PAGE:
If there is a gap in education and developing new skills, then it is clear we must address this at the source.

It was suggested that the Government could not only support more through grants for modern methods of construction, but also through specific training offerings.

Bringing together new apprenticeships that truly support the role of modern methods of construction and encourage new types of innovation and entrants will help the educational shift.

The topic of climate change is one that requires a total alignment of all stakeholders in the industry. We need to educate in order for us to tackle this issue which is the single most challenging issue we face as a society. It is our duty, regardless of the role we play, as stakeholders of this industry to take ownership of the problem and lead the way going forward with science, technology and investment. We are extremely supportive of the entrepreneurs who have the courage and vision to take on these challenges. If we can make real estate a better industry, we are going to have more impact on climate change than any other industry.
— Gregory Dewerpe, Founder, A/O PropTech

Conclusion

To summarise, it was evident that there needs to be a huge shift in educating the industry.

Although there are construction companies that are looking at digitising processes and improving efficiencies across their supply chain, there is still a long way to go.

We need to continue to educate by promoting the technologies that are disrupting the industry and highlighting the benefits that they provide to the wider industry and in the race to net zero.

Another key takeaway from the discussion is that the adoption of new materials and processes needs to be led and driven by both the clients and the Government.

For example, implementing new contracts and funding models so that it is easier to operate in this new technological world that exists.

There is also a need to trust in the materials that are coming on the market, and although this can come from the use of data, it boils down to educating the industry on what new sustainable materials can do and the impact they have on reducing carbon emissions.

For example, implementing new contracts and funding models so that it is easier to operate in this new technological world that exists.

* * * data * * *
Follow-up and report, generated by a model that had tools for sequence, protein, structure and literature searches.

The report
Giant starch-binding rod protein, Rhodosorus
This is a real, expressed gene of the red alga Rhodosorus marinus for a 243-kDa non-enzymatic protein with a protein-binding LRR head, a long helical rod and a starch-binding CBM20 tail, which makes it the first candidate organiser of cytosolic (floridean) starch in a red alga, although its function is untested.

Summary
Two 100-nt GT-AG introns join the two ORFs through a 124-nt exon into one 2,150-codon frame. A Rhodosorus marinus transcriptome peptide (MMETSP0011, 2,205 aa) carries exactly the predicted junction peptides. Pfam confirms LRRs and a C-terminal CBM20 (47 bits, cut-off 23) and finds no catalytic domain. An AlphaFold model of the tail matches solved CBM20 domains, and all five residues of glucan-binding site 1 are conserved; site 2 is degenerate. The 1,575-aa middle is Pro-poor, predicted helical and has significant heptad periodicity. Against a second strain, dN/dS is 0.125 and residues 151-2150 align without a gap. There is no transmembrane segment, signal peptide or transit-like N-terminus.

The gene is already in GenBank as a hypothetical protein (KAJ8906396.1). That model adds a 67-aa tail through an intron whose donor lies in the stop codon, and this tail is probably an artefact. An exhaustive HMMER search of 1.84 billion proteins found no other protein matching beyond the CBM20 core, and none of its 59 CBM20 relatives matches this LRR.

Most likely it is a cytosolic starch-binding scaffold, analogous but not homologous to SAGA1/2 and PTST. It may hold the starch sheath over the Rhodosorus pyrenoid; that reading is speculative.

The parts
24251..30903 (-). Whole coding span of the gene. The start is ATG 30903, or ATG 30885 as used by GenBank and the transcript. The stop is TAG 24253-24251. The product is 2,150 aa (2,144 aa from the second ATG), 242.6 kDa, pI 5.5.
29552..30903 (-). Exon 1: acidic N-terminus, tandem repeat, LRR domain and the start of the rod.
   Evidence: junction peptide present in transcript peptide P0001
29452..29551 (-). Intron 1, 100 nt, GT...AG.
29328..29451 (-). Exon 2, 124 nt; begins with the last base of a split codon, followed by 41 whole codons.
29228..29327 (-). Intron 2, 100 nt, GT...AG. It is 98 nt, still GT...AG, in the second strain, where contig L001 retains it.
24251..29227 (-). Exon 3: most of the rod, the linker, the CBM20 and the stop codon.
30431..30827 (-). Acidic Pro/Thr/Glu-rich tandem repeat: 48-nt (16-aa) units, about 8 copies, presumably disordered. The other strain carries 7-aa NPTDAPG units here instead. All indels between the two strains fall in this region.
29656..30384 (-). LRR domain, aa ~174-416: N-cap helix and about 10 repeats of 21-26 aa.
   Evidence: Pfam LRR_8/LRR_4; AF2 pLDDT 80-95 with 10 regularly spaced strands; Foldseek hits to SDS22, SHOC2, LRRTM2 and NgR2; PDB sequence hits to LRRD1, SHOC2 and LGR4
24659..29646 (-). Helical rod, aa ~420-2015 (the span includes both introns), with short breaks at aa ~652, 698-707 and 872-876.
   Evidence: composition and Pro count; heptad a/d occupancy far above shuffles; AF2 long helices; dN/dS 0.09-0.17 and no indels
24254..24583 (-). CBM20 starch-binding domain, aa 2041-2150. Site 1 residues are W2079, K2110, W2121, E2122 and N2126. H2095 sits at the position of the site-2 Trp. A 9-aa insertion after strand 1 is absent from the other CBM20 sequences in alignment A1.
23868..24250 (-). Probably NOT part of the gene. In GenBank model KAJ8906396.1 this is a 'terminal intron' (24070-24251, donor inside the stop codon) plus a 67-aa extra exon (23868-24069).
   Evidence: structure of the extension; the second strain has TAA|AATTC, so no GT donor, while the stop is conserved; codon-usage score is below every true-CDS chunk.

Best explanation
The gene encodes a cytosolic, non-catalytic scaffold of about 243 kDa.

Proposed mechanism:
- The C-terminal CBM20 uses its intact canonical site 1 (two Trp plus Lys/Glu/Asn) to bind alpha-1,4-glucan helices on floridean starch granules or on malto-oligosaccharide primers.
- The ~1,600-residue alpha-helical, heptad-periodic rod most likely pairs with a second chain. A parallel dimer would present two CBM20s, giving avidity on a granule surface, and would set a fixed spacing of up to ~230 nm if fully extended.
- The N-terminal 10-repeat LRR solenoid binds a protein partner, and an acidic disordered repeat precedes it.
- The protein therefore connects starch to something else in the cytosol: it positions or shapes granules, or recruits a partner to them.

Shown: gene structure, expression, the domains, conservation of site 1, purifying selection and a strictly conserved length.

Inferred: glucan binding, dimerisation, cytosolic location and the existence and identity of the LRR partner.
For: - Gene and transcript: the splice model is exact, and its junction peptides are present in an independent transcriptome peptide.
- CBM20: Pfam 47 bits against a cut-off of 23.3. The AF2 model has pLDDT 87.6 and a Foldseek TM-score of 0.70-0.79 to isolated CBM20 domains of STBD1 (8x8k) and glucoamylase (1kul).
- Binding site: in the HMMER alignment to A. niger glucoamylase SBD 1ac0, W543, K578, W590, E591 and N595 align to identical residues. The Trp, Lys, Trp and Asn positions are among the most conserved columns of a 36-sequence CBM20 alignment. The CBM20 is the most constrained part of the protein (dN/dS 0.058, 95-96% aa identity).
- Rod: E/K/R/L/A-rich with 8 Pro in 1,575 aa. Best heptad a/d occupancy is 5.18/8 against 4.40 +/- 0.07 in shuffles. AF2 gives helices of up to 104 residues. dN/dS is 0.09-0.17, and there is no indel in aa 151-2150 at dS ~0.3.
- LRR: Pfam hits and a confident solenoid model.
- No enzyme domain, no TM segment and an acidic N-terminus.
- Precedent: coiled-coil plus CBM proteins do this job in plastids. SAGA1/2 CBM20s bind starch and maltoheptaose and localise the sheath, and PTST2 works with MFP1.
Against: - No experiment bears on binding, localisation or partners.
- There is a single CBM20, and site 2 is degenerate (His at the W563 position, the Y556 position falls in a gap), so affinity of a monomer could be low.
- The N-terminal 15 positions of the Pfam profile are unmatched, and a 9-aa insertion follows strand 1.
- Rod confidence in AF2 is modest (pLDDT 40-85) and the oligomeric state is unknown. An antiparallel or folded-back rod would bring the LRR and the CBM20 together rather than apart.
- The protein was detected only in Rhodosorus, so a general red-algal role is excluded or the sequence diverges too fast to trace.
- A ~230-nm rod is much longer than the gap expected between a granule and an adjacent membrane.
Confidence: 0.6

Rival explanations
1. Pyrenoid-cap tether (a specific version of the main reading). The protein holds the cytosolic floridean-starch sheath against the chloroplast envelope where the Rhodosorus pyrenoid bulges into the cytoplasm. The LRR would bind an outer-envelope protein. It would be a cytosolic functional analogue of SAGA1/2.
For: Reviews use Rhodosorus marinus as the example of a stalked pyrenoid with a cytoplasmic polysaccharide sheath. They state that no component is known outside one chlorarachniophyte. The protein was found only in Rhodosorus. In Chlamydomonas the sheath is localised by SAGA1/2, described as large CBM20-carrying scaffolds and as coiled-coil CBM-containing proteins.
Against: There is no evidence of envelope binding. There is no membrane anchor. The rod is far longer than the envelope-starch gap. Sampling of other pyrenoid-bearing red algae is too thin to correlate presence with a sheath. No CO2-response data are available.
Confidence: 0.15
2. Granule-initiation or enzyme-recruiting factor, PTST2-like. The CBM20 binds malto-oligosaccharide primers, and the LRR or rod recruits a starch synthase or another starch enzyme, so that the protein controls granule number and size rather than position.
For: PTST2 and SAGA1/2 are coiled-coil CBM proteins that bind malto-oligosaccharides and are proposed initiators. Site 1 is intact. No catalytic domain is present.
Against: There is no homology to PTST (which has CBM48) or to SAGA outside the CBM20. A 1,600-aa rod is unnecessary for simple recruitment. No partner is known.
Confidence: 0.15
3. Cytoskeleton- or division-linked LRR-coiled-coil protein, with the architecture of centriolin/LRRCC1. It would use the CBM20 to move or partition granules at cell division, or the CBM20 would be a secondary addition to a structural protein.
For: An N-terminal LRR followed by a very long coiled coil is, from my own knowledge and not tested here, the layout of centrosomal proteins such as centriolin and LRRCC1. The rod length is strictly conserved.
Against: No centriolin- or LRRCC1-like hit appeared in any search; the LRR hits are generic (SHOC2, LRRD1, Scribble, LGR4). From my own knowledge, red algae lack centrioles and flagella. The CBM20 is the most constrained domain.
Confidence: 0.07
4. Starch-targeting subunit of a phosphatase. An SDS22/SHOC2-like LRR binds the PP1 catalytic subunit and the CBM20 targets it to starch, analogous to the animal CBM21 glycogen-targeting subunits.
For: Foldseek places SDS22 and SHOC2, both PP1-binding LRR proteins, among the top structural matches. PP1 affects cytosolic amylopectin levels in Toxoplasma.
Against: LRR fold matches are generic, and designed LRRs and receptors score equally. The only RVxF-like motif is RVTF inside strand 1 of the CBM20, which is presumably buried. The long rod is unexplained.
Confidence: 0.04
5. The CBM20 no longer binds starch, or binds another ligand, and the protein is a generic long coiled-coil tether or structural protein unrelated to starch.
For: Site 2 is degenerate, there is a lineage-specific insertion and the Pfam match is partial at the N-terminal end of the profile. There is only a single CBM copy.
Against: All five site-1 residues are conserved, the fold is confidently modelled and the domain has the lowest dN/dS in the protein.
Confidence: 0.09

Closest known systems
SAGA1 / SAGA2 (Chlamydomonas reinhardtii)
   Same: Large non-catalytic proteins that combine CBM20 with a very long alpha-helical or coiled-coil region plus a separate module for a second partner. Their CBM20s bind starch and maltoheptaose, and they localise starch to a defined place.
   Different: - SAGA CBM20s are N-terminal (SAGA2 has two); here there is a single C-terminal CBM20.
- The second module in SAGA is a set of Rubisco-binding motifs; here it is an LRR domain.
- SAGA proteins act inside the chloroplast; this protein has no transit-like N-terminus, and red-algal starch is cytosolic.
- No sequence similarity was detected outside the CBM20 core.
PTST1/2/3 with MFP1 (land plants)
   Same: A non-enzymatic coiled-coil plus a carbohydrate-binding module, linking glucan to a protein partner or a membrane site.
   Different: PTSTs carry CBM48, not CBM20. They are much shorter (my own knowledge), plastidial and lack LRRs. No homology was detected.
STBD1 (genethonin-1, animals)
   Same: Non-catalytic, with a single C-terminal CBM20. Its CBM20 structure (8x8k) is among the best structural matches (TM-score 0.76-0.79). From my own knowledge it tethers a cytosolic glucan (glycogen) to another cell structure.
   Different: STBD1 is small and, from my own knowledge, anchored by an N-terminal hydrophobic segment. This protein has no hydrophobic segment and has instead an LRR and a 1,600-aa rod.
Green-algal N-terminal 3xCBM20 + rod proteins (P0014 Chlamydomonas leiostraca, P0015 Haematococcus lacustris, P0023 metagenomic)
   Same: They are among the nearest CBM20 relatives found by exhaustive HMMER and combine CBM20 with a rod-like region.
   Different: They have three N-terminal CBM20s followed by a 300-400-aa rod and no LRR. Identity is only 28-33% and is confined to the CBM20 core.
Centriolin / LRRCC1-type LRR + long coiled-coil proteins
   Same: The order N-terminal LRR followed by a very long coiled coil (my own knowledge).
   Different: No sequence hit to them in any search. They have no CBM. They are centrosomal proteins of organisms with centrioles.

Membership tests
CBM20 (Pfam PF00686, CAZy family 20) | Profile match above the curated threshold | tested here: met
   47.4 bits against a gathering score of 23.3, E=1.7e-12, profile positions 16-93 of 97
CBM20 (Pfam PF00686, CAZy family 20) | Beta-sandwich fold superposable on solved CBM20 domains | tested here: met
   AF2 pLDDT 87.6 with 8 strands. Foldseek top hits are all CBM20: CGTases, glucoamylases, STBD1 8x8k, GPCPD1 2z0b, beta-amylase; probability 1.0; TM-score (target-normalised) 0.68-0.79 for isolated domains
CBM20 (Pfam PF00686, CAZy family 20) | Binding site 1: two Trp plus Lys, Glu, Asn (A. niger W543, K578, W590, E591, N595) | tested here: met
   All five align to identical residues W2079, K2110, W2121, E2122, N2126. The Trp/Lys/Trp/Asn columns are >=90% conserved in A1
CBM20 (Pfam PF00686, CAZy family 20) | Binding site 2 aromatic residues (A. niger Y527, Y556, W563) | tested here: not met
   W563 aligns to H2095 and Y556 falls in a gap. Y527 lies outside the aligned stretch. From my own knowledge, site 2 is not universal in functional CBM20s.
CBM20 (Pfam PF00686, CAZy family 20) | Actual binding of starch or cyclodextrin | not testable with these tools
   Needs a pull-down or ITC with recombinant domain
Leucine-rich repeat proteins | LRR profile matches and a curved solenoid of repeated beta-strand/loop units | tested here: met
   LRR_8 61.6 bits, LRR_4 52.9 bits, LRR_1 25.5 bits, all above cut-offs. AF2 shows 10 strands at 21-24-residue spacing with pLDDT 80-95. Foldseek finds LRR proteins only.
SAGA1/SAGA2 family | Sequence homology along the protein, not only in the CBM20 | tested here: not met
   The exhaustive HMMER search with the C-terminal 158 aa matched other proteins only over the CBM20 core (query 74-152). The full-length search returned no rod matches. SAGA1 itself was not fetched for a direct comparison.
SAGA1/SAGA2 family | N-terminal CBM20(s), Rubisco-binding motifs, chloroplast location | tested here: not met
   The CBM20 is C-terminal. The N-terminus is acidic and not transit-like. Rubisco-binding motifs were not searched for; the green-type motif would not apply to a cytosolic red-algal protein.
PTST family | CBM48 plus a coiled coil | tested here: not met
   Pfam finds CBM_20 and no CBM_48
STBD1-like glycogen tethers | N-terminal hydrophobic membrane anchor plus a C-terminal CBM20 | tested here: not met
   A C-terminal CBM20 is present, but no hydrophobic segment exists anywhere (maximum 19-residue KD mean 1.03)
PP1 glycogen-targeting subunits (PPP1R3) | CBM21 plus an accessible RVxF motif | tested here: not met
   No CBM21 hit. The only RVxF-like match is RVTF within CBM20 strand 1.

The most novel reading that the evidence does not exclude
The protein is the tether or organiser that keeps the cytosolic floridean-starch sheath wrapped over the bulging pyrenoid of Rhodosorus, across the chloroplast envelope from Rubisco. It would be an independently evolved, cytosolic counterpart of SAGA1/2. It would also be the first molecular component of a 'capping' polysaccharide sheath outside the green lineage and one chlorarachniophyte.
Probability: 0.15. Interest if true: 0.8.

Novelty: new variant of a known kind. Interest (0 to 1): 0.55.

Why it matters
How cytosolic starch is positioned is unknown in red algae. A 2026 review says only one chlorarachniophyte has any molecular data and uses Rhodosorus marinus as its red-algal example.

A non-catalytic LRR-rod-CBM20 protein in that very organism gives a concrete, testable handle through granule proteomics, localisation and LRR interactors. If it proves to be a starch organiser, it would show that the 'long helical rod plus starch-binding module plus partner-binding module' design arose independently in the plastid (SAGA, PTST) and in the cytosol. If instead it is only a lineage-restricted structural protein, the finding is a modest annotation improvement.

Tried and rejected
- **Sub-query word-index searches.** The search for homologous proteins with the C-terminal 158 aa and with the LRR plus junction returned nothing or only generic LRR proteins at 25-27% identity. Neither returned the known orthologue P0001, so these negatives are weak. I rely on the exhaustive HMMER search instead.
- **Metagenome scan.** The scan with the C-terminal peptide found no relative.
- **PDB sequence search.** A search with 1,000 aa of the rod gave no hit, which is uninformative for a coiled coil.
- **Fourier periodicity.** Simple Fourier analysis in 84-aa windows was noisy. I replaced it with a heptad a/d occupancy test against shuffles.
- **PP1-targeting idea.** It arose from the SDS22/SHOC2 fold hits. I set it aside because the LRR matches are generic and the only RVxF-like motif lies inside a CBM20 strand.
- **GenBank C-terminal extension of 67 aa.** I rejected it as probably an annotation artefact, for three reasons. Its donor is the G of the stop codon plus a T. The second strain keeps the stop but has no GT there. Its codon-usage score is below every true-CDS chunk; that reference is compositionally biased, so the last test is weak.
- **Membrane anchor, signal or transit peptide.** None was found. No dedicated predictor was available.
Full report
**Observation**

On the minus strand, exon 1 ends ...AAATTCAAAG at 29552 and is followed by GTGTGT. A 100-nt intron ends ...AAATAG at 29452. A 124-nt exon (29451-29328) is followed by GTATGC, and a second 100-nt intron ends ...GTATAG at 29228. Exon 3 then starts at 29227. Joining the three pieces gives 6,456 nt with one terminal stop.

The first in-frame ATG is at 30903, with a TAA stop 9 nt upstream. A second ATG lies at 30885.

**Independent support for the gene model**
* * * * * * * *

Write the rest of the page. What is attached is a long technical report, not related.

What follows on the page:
The need to trust in the materials that are coming into the market, although this can come from the use of data, it boils down to educating the industry on what new sustainable materials can do and the impact they have on reducing carbon emissions.

Delegate List

Gregory Dewerpe – Founder & CEO of A/O PropTech
Othmane Zrikem – Chief Data Officer at A/O PropTech
Dale Sinclair – Director of Innovation at AECOM
Stephen Hole – Development Director at Amro Real Estate Partners
Dimitar Dimov – Founder & CEO at Concrene
Scott Dudley – Director, Real Estate Consultant at Deloitte
Mirren Fischer – Managing Director at Fischer Product/Design
George Smithies – Co-Founder at innDex
Tim Wilson – Strategic Projects Director at Inspired Villages
Elvin K. Box – Chair at London Constructing Excellence
Conan Lauterpacht – Managing Partner at M7 Structura
Richard Kennedy – Project Leader at Mid Group
Chris Mortensen – Co-Founder & COO at Modulous
Mike Edwards – Technical Director at Nationwide Drones
Pam Whitham – Relationship Manager at Ordnance Survey
Dean Paulley – Product Manager at Ordnance Survey
Stephen Kuczynski – Government Relationships Manager at Ordnance Survey
Hermione Crease – Co-Founder at Purrmetrix
Sam Szczurek – Project Manager for Sustainability & Innovation at Transport for London
Sammy Pahal – Managing Director at UK PropTech Association
Alex Tosetti – Chief Commercial Officer at VU.CITY
Daniel Burton – CEO of Wondrwall
Munraj Sembhi – CEO & Founder at Plastop